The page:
Which of the following attacks involves the use of previously captured network traffic?
Correct Answer: A
Section: Threats and Vulnerabilities
Replay attacks are becoming quite common. They occur when information is captured over a network. A replay attack is a kind of access or modification attack. In a distributed
environment, logon and password information is sent between the client and the authentication system. The attacker can capture the information and replay it later. This can also occur
with security certificates from systems such as Kerberos: The attacker resubmits the certificate, hoping to be validated by the authentication system and circumvent any time
If this attack is successful, the attacker will have all of the rights and privileges from the original certificate. This is the primary reason that most certificates contain a unique session
identifier and a time stamp. If the certificate has expired, it will be rejected and an entry should be made in a security log to notify system administrators.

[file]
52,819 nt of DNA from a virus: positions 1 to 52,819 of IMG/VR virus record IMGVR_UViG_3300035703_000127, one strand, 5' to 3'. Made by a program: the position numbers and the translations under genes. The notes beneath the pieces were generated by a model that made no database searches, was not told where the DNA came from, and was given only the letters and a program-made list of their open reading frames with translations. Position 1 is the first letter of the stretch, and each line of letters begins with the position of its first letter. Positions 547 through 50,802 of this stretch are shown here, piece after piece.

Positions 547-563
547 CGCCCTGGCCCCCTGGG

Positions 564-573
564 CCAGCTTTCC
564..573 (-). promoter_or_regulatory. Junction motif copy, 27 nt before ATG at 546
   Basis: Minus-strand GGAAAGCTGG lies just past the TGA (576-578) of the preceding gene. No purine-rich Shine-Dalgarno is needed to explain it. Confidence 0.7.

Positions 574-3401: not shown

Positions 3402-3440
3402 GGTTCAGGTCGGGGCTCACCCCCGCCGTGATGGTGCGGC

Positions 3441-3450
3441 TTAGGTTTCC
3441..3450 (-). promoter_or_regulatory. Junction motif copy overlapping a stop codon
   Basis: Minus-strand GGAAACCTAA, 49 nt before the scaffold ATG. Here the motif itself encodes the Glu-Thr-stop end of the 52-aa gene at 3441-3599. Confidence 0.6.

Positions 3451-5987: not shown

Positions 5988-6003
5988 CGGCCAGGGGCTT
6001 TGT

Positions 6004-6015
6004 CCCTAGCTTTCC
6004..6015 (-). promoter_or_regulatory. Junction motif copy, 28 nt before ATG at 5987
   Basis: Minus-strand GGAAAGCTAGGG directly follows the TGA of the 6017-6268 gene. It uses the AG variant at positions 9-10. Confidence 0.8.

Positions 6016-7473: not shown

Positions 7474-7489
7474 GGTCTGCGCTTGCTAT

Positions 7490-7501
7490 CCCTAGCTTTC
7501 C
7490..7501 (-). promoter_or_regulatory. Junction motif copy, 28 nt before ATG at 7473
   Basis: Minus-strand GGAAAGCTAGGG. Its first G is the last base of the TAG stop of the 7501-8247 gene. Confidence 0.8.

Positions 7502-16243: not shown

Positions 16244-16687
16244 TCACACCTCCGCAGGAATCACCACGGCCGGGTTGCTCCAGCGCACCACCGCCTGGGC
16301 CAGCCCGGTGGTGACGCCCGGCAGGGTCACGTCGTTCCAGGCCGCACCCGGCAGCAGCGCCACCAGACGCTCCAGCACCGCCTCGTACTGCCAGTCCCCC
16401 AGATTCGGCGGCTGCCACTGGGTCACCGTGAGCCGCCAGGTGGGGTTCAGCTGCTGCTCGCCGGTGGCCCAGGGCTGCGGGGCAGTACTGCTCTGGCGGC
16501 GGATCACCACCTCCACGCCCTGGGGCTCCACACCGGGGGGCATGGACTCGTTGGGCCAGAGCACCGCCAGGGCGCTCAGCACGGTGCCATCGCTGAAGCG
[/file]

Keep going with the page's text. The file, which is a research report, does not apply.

B: A smurf attack is a type of network security breach in which a network connected to the Internet is swamped with replies to ICMP echo (PING) requests. It does not involve the use
of previously captured network traffic.
C: Vishing is the act of using the telephone in an attempt to scam the user into surrendering private information that will be used for identity theft. The scammer usually pretends to be
a legitimate business, and fools the victim into thinking he or she will profit. Vishing does not involve the use of previously captured network traffic.
D: A Distributed Denial of Service (DDoS) attack is an attack from several different computers targeting a single computer. One common method of attack involves saturating the
target machine with external communications requests, so much so that it cannot respond to legitimate traffic or responds so slowly as to be rendered essentially unavailable. Such
attacks usually lead to a server overload. DDoS attacks do not involve the use of previously captured network traffic.
Dulaney, Emmett and Chuck Eastton, CompTIA Security+ Study Guide, 6th Edition, Sybex, Indianapolis, 2014, p. 325